Prolonged erythema has been defined as post-treatment erythema that persists longer than 4 days with non-ablative resurfacing and beyond 1 month with ablative treatment.9 Even non-ablative and fractionated laser resurfacing treatments can also increase the risk of prolonged erythema if multiple laser passes or inadvertent stacking is applied.10 Worsening of rosacea may share a similar pathophysiology with prolonged erythema after fractional laser resurfacing.

Persistent erythema and PIH were more frequently found in the high density group. Our finding confirms the conclusion of Chan et al.,5 suggesting that although both the density and energy of the treatment can increase the risk of PIH in Asian patients, density may be of particular importance. To minimize the risk of post-fractional laser hyperpigmentation, we recommend the use of low density treatment setting with moderate to high beam energies. If the patient has a subtle melasma, the lesion should not be treated aggressively using fractional lasers, because too much heat may cause activation of melasma in Asians.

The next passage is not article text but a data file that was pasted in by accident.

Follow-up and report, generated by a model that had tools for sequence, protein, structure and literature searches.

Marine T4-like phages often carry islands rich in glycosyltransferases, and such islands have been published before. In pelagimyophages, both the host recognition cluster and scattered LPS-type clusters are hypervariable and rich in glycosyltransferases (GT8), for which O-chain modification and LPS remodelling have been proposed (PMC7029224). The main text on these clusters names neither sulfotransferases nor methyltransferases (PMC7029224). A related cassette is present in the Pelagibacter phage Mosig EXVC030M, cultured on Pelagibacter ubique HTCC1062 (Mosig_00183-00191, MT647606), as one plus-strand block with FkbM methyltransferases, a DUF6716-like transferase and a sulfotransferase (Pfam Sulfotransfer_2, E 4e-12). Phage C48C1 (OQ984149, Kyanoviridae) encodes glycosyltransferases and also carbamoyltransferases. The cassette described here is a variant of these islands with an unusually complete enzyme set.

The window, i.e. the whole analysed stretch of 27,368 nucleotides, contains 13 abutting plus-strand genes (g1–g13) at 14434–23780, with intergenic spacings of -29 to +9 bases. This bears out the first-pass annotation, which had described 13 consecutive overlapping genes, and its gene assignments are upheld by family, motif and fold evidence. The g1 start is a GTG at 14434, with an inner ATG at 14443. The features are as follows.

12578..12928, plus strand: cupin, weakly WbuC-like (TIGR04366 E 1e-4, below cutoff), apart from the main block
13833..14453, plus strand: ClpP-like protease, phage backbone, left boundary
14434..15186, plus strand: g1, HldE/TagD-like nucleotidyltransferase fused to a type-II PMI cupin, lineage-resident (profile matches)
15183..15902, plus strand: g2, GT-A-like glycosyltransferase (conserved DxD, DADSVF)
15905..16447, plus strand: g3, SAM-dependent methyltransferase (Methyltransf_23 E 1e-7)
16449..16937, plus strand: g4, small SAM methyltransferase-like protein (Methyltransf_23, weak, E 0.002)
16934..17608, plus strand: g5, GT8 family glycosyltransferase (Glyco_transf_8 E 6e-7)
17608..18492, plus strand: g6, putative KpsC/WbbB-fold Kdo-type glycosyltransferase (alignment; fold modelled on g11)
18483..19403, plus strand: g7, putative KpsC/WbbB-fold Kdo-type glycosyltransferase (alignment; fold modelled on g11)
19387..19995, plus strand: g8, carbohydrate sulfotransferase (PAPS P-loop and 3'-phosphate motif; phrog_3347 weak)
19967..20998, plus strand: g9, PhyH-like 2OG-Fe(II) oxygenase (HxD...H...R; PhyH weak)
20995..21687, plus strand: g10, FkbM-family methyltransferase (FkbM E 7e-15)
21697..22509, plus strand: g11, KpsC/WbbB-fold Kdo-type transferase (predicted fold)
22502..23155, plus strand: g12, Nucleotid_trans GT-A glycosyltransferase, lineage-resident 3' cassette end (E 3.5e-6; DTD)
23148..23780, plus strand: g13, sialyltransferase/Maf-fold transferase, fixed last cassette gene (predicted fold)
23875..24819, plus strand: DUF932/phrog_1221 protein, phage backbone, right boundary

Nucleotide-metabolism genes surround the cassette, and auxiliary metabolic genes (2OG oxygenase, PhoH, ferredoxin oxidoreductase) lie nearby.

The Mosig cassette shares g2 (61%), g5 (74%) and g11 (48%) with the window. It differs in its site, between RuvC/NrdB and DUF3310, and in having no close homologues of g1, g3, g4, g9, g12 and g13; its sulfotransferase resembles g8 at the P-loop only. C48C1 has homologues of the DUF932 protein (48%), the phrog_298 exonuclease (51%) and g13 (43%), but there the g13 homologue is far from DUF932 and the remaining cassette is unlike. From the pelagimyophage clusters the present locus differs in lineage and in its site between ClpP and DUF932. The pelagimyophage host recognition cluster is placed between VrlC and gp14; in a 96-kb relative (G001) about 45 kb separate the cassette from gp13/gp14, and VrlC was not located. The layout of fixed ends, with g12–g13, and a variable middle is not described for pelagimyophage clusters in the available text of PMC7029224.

The results of our study show that non-ablative resurfacing with a conventional 1,550 nm fractional laser can be used with a relatively low complication rate. Both the energy and density may be the determinant of the side effects. Increased treatment density seems likely to produce prolonged erythema and PIH in Asian patients. The risk of post-laser acne flare should be taken into consideration when acne scar patients are treated with high energy fractional laser settings.

Fig. 1. Transient side effects after 1,550 nm non-ablative fractional laser resurfacing.
Fig. 2. Side effects other than transient erythema and dryness after 1,550 nm non-ablative fractional laser resurfacing.
Table 1